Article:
The modernity of this can be found in the central ideology of European and American society, the cult of the individual – that the individual is sacred, exists in a vacuum of singular holiness that is both believed to be holy by oneself and others and is the God worshipped. In sociology one finds this in Durkheim’s essay on ‘the individual and the intellectuals’ as well as the works of Simmel, Goffman and in Kierkegaard’s writings (see, Westphal, 1987). As regards YouTube, I feel the proliferation of video-blogging on the site since 2005 is of key significance to how this cult of the individual is lived and refracted, to use Kierkegaard’s phrase, to itself: YouTube video blogs show the individual ‘refracted out of his relation to his own preceding life’. Speaking to a camera about oneself to an anonymous audience is an individual addressing oneself first and foremost in the anticipation of others responses. Anyone who video-blogs – like a diary writer, a protagonist in a novel – is a modern tragic hero. To be a modern hero is to be the central character of one’s own life and aware of their own heroism as they recount their character and situations to a possible reader, viewer, public. But unlike the novel, YouTube provides something that retains the modern character of the tragic hero (the singular and life reflecting individual) and allows an element of the ancients to remain, the substantial values that guide the tragic hero and his judgement against a chorus.
Below I will provide an empirical illustration of this, but first I need to point out why this is so important to modern society and the problems that lie behind Kierkegaard’s essay on the ancient/modern tragedy. Kierkegaard’s wider philosophical project and his polemical stance toward the Denmark of his day was guided by a concern for the individual in modernity, articulated by the question: How can one be a Christian in modern society? The problem is that the individual is the central focus of modern society, as noted above, as one asserts themselves against a mass. One is lonely in a crowd. For Kierkegaard, the individual worshipper is the most important reality of his Christian Denmark but is the most denied recipient of this reality. His individuality is treated ‘en massse’: “go to Church, pray, that’ll save your soul.” ran the party line of the Church.
As Westphal (1987:43ff) has observed, Kierkegaard’s polemic upon modern man refers to the underlying spiritual condition to which the massification of society brings to the surface: “this sociological event is intimately related to a parallel, ‘religious’ event, …the disappearance of Christianity from Christendom.” (Westphal, 1987:43) The problem is that this massification of society results in a spiritual despair which is, while founded in Christian theology, novel to the present age. This was what he outlined in the Postscript (1968b) as an age trying to treat the subjective reality of Christian existence as ascertainable by objective means, i.e. by assertion of faith by way of geography (Dane = Lutheran) (Kierkegaard, 1968b:49-50) or how individuality “opaquely rests or merges in some abstract universal (state, nation, etc.)” (Kierkegaard, 2008:52). Such a problem arises for individual existence not because society is sick or maligned, rather the individual’s place within it is rendered problematic – as mass society emerges, the crowd or herd becomes the primary conception of their commune but, in it, they feel isolated.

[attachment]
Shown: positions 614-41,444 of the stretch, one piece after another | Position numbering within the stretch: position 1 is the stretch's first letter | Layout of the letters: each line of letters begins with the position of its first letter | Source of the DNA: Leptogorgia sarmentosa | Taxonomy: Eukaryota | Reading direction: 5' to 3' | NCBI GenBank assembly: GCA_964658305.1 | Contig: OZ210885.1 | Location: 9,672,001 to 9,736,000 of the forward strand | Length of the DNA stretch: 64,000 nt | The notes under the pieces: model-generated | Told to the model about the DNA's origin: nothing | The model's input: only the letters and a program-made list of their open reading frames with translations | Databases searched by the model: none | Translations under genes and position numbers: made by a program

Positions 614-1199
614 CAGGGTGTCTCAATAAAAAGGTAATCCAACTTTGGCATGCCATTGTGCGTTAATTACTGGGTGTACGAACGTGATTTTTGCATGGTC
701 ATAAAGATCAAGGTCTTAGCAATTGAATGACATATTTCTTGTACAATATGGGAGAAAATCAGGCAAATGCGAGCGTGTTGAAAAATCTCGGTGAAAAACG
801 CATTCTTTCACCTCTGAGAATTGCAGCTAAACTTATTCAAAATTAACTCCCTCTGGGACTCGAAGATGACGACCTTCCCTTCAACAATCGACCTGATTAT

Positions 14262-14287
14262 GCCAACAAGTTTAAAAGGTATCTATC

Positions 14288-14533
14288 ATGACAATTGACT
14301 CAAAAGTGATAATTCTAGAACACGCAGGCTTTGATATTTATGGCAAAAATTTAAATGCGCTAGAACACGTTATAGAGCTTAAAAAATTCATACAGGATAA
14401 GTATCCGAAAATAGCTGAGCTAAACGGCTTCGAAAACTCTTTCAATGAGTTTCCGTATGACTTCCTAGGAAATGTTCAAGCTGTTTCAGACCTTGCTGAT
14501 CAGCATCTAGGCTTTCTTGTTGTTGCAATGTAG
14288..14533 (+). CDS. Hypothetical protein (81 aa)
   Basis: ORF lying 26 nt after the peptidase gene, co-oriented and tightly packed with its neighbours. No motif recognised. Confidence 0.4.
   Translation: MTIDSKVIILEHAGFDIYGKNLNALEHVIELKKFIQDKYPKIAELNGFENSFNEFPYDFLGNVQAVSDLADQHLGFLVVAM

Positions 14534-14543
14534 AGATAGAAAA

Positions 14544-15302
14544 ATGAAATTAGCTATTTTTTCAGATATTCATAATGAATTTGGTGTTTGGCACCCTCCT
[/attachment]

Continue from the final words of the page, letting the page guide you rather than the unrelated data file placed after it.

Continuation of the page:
And yet Kierkegaard does not denounce modern civil society or ‘the mass’ for its social figuration but rather it’s denouncement of the individual as a ‘self’, i.e. as ‘spirit’. In the The Sickness Unto Death, Kierkegaard posits this notion of the “self” as a spirit, conceptualised as the relation’s relating to itself. The human is two things at once: a finite mortal and an infinite soul; the self is the relation between the two. The self is the relation which is posited by something else, i.e. ‘the everlasting’ (God) (2008:11). The relation is ‘the self’ in the sense that it is “…a synthesis of the infinite and finite, of the temporal and the eternal, of freedom and necessity.” (Kierkegaard, 2008:9) This is a sickness according to Kierkegaard because these two never resolve themselves – freedom/necessity; temporality and eternity; infinity and finitude stand opposed. The self is always ‘out of joint’. These two opposed forces are the sickness of the human condition. Kierkegaard’s Denmark forgot this and as such saw the human being deny his own nature as spirit/self: “such a person forgets himself, in a divine sense forgets his own name …finds it much easier and safer to be like the others, to become a copy, a number, along with the crowd.” (Kierkegaard, 2008:36)
Could YouTube re-establish this sickness in relation to the individuals own needs? Could YouTube overturn the forgetting of individual self that modern, mass society puts forward? Of course, I believe it does but to illustrate this requires an illustration. The example I give will outline (a) the modern tragic figure on YouTube (b) the importance of the chorus and (c) the sickness of the modern tragic figure.
Charlie McDonnell’s “I’m sacred” video
Monologue is the default mode of speech on YouTube. But this mode of speech breaks a seemingly theatrical illusion of an isolated individual suspended in the action of the drama, reflecting upon their own position in the narrative: the YouTube monologue is always a reflection on character to an audience. Unlike, say, Hamlet, whose constant self-criticisms remain at the level of the I (“What rouge and peasant slave, am I!”), the YouTube monologue is always addressed to a virtual interlocutor: the monologue always makes reference to “you”, that is the viewer.